If searching the landscape for bellwethers, one could have done a lot worse than a moment in Greater Phoenix on the night of Monday, Jan. 11, 2016. It happened in an interview room, at an interview dais, just after a national championship game ended at 45-40 and boasted two winners, Alabama and runner-up Clemson. It came just after Clemson Coach Dabo Swinney finished his remarks and stood to depart.
Then and there did Swinney lean down to quarterback Deshaun Watson, who remained to field more questions.
"I love you," Swinney said.
"Love you, too," Watson said.
In the citadel of American culture known as college football, it's a 21st century of fewer huddles and gaudier uniforms. It's about waterfalls in football facilities and occasional targeting calls, with futuristic hitting from athletes ever faster, harder and more fortified with nutritional precision. And curiously, it's about an enhanced social setting in which the three best words in English - "I love you" - get spoken out loud where they once went muffled.
As Swinney departed, a mind might have shifted to a 20th century both historic and prehistoric. It might have conjured Woody Hayes, Bo Schembechler, Bear Bryant, John McKay. It might have wreaked a giggle. That's precisely what the former Chicago Bears receiver Brian Baschnagel did at first when asked if he ever heard "I love you" from Hayes, for whom he played at Ohio State from 1972 to '75. He laughed. Yet that's not what many coaches do when asked if they find it crucial to say the three words out loud.
"Absolutely," said Swinney, 46, whose program stands 56-9 across the last five seasons.
"It's what we're about here," Watson said. "We love each other and really care for each other here."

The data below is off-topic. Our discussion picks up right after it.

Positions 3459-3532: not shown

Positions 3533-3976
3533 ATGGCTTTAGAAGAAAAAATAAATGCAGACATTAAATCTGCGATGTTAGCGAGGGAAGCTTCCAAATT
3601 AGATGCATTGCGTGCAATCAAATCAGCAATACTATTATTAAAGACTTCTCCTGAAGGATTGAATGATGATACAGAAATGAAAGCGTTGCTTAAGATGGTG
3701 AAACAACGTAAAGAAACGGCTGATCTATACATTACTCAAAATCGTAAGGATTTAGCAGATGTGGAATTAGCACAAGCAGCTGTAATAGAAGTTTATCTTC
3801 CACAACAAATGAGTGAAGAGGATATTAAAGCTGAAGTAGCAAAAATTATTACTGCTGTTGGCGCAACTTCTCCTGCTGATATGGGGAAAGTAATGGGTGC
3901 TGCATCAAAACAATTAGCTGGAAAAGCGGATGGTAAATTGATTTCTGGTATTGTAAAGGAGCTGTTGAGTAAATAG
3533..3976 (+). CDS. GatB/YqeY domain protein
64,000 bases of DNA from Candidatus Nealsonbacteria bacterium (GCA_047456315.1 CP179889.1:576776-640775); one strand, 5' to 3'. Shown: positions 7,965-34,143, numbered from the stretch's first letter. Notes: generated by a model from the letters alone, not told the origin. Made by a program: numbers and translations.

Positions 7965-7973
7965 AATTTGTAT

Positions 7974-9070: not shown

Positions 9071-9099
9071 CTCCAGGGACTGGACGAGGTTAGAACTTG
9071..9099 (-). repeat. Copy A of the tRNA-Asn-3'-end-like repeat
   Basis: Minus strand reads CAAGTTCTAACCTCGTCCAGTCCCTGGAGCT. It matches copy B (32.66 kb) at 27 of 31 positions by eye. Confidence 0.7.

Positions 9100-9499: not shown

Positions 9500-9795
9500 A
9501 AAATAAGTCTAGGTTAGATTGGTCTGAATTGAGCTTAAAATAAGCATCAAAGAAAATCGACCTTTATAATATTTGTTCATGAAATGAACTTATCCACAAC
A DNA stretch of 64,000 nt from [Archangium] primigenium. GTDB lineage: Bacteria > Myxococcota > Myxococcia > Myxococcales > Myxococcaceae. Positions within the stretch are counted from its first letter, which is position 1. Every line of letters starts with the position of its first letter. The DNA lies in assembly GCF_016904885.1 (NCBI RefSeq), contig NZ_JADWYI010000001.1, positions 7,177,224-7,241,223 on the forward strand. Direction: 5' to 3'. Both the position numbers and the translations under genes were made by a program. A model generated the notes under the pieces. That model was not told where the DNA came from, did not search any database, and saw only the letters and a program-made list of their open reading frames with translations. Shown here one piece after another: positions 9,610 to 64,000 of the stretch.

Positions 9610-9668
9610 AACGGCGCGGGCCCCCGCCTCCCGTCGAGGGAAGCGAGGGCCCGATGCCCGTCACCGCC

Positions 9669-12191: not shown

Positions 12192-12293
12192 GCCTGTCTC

"The vocal part has changed, you know," said the retired Randy Hart, 68, who played guard for Hayes in the late 1960s, and whose five-school, 46-year career as an assistant coach included 24 seasons at Washington and six at Stanford. "The conversation has changed. But still, the feeling's there."
Everyone from Hart to Swinney to Baschnagel to Bryant's former Alabama quarterback Jeff Rutledge agrees with that. They agree that men such as Hayes and Schembechler felt a deep love for players but did not - or could not - express it. They also agree the expression has become both ubiquitous and essential.
"I mean, I think those guys loved their players," Swinney said. "But I think relationships may have been different, I don't know. But I know for me, that's what I try to do, is love my players. And say it. Tell them. Absolutely. I want them to know that. You know, I might be the only one they hear that from, in some cases. And you know, I'm going to be on 'em, when they don't do what they're supposed to do, but I also need to tell them I love them, and encourage them, and build them up."
Rutledge, 59, makes a broader point. Not only were coaches less likely to utter the words last century; so were parents. By now, though, Rutledge coaches Valley Christian High in Chandler, Arizona, and the words are invaluable.
"Those three words go a long way when you're talking to kids," he said. "That day, that might be something they needed to hear. . . . If they know you care, they'll handle everything."
The mutual gratitude between Swinney and Watson pours right out into the open.
Watson: "We just kind of bonded from Day One," with "just his passion and personality and just being a great human being, and all that stuff is just very, very special."
Swinney: "First of all, he believed in me," and then there's Watson's famed humility, and "how he handles his role on the team," and "the way he helps and serves other people," and, "You know, he's a giver."
So after the rare human collaboration entailed in a five-month season at a brutish sport, as 14-1 ended with its lone disappointment, Swinney leaned down toward Watson because he wanted him to know something he vocalized to a reporter months later.
"My love is not conditional," he said.
Clemson is back in the College Football Playoff this season and will meet Ohio State in a semifinal game on Dec. 31.